National Oceanic and
Atmospheric Administration
United States Department of Commerce


FY 2023

The Andes Affect ENSO Statistics

Xu, W., J.-E. Lee, B. Fox-Kemper, Y. Planton, and M.J. McPhaden

J. Climate, 35(21), 3477–3491, doi: 10.1175/JCLI-D-21-0866.1, View online at AMS, open access (external link) (2022)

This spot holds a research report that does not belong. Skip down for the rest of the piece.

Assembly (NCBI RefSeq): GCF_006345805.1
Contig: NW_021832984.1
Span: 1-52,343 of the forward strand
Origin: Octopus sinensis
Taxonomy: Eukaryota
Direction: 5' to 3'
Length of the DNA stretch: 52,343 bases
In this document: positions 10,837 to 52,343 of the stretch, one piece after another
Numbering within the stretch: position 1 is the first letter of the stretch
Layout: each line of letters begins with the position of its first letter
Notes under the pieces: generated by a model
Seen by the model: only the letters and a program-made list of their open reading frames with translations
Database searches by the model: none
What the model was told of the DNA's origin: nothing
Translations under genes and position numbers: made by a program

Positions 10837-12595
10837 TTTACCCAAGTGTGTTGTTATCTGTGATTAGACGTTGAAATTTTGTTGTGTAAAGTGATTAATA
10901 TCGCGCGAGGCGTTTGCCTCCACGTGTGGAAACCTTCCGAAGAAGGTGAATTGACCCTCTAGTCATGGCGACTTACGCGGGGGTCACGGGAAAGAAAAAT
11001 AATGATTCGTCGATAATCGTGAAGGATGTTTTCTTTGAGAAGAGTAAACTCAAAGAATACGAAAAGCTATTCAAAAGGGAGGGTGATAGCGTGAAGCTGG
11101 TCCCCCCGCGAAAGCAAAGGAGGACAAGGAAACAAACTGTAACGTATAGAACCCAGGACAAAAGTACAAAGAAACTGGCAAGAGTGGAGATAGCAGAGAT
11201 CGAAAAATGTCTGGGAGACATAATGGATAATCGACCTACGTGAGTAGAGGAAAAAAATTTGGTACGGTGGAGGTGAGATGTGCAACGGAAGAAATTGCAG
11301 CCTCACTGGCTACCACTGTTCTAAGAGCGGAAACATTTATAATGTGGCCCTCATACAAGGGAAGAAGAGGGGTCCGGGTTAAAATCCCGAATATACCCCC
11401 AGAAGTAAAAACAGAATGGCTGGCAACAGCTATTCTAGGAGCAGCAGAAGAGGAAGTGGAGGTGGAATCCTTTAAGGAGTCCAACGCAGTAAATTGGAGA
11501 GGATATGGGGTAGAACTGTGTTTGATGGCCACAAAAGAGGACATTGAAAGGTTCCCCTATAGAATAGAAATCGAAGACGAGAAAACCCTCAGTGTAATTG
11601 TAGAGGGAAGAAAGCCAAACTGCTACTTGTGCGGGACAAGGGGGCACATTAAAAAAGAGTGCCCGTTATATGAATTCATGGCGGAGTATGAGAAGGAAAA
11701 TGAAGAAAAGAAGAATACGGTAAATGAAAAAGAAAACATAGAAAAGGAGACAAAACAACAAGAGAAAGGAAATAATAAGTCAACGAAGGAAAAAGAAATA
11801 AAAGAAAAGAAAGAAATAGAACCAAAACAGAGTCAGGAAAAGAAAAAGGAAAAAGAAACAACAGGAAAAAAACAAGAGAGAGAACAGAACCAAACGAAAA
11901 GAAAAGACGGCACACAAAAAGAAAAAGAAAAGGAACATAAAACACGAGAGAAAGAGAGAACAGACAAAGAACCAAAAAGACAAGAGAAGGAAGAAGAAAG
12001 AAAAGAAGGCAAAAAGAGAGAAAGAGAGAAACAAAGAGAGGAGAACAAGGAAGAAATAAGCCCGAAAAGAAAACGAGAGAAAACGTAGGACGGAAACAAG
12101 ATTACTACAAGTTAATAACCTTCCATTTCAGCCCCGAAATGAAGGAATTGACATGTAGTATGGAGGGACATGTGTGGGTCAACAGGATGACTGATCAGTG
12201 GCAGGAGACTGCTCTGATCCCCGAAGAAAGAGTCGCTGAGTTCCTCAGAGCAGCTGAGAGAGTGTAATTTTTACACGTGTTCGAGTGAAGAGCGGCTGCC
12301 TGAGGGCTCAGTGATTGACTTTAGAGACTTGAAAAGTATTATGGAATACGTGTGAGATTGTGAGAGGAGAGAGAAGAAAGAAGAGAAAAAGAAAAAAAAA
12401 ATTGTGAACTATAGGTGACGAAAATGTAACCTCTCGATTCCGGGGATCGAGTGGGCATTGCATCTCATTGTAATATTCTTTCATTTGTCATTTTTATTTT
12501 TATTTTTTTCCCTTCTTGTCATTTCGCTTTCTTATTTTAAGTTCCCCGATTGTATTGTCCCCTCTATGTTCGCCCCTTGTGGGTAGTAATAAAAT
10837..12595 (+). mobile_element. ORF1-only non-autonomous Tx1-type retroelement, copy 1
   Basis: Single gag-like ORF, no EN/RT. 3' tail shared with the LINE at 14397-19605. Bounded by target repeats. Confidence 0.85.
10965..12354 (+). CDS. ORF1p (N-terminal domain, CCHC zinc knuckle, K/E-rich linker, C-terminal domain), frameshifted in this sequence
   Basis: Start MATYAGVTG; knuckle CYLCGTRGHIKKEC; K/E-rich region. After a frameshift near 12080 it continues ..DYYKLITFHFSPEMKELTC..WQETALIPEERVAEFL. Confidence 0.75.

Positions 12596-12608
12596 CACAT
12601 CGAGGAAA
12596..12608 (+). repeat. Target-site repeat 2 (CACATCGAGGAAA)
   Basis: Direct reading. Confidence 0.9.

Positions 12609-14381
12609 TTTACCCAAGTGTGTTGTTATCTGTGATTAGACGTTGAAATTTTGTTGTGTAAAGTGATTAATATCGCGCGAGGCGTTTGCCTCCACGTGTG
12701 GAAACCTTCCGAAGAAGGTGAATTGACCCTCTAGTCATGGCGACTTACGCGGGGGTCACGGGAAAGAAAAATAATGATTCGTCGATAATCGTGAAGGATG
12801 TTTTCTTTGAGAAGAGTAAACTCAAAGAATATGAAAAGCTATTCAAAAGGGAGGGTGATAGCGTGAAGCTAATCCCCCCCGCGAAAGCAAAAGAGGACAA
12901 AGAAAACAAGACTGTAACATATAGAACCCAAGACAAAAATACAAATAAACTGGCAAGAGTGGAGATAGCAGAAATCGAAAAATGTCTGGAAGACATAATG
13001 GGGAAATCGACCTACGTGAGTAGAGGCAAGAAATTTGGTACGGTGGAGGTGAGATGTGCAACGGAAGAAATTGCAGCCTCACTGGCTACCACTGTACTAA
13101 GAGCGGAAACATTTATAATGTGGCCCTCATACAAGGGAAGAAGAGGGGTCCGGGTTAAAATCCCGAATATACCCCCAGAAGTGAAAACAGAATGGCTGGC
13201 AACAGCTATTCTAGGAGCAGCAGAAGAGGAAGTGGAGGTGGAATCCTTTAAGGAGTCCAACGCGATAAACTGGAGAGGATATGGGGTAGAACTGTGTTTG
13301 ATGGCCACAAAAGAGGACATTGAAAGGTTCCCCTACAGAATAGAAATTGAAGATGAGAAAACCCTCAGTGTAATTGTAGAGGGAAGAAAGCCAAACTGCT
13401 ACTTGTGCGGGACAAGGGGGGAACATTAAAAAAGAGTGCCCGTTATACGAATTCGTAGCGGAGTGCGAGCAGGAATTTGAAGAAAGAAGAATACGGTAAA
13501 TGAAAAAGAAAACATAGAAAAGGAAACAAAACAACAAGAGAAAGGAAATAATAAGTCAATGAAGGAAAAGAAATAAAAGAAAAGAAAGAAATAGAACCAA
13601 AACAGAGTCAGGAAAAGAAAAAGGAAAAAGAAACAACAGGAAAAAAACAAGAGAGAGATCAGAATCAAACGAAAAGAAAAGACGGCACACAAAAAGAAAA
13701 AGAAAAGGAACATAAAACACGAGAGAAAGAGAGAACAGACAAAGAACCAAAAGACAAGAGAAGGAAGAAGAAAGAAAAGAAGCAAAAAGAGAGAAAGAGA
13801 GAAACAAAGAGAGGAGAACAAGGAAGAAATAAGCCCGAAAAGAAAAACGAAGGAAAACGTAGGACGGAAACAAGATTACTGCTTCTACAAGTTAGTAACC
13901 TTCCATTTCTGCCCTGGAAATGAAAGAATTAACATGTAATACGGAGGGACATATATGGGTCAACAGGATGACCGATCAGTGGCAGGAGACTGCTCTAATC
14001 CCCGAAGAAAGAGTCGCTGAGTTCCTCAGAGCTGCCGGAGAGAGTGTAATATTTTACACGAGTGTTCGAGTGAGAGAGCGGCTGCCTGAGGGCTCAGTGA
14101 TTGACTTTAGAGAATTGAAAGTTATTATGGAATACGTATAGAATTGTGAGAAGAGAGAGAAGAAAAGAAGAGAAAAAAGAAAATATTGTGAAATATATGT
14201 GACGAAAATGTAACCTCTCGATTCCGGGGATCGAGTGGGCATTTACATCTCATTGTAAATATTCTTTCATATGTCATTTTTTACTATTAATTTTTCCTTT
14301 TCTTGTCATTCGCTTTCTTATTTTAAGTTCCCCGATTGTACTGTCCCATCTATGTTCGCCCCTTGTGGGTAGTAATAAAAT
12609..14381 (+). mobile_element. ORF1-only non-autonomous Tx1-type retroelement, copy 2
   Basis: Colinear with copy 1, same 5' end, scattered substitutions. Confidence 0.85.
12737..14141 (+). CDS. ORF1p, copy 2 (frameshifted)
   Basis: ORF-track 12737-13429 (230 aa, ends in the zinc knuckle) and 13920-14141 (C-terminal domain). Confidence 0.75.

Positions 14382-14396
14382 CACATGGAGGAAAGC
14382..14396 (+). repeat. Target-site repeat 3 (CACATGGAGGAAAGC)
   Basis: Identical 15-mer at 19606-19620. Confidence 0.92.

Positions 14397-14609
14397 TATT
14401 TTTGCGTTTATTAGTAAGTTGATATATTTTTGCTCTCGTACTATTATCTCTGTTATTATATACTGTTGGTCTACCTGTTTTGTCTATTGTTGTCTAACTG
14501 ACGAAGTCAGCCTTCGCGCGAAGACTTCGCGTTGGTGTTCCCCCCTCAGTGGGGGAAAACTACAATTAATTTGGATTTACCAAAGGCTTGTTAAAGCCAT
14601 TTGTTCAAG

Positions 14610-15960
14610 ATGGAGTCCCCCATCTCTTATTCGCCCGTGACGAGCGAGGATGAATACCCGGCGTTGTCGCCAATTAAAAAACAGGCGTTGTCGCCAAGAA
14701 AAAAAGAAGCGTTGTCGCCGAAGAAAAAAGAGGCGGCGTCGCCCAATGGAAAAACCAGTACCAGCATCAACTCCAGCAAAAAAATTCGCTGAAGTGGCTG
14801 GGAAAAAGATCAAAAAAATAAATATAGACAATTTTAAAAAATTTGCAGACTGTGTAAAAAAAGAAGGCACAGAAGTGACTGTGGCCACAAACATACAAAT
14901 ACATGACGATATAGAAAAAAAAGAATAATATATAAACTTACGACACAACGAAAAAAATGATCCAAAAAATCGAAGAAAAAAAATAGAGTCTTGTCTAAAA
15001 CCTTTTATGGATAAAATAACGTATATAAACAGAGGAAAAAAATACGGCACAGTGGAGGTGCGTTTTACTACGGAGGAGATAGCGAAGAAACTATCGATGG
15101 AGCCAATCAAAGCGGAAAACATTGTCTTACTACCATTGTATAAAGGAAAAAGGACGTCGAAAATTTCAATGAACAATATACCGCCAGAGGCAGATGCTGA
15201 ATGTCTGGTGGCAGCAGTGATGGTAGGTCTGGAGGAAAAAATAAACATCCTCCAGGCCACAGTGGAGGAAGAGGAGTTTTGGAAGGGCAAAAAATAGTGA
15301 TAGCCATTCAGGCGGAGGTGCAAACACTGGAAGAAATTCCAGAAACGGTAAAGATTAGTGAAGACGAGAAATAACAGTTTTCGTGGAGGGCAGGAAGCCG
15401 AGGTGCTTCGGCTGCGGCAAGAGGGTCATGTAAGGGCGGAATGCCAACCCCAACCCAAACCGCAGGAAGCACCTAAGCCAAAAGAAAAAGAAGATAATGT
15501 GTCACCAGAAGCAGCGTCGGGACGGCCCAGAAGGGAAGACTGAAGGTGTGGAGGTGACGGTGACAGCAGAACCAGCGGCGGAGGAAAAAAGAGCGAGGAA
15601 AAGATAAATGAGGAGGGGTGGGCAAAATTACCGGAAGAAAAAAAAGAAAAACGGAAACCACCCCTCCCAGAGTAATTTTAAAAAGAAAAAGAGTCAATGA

Current coupled global climate models have biases in their simulations of the tropical Pacific mean-state conditions as well as the El Niño–Southern Oscillation (ENSO) phenomenon. Specifically, in the Community Earth System Model (CESM version 1.2.2), the tropical Pacific mean state has overly weak sea surface temperature (SST) gradients in both the zonal and meridional directions, ENSO is too strong and too regular, and El Niño and La Niña events are too symmetrical. A previous study with a slab-ocean model showed that a higher elevation of the Andes can improve the tropical Pacific mean-state simulation by adjusting the atmospheric circulation and increasing the east–west and north–south SST gradients. Motivated by the link between the mean tropical Pacific climate and ENSO variations shown in previous studies, here we explored the influence of the Andes on the simulation of ENSO using the CESM 1.2.2 under full atmosphere–ocean coupling. In addition to improving the simulated tropical Pacific mean state by increasing the strength of the surface easterly and cross-equatorial southerly winds, the Higher Andes experiment decreases the amplitude of ENSO, increases the phase asymmetry, and makes ENSO events less regular, resulting in a simulated ENSO that is more consistent with observations. The weaker ENSO cycle is related to stronger damping in the Higher Andes experiment according to an analysis of the Bjerknes index. Our overall results suggest that increasing the height of the Andes reduces biases in the mean state and improves the representation of ENSO in the tropical Pacific.

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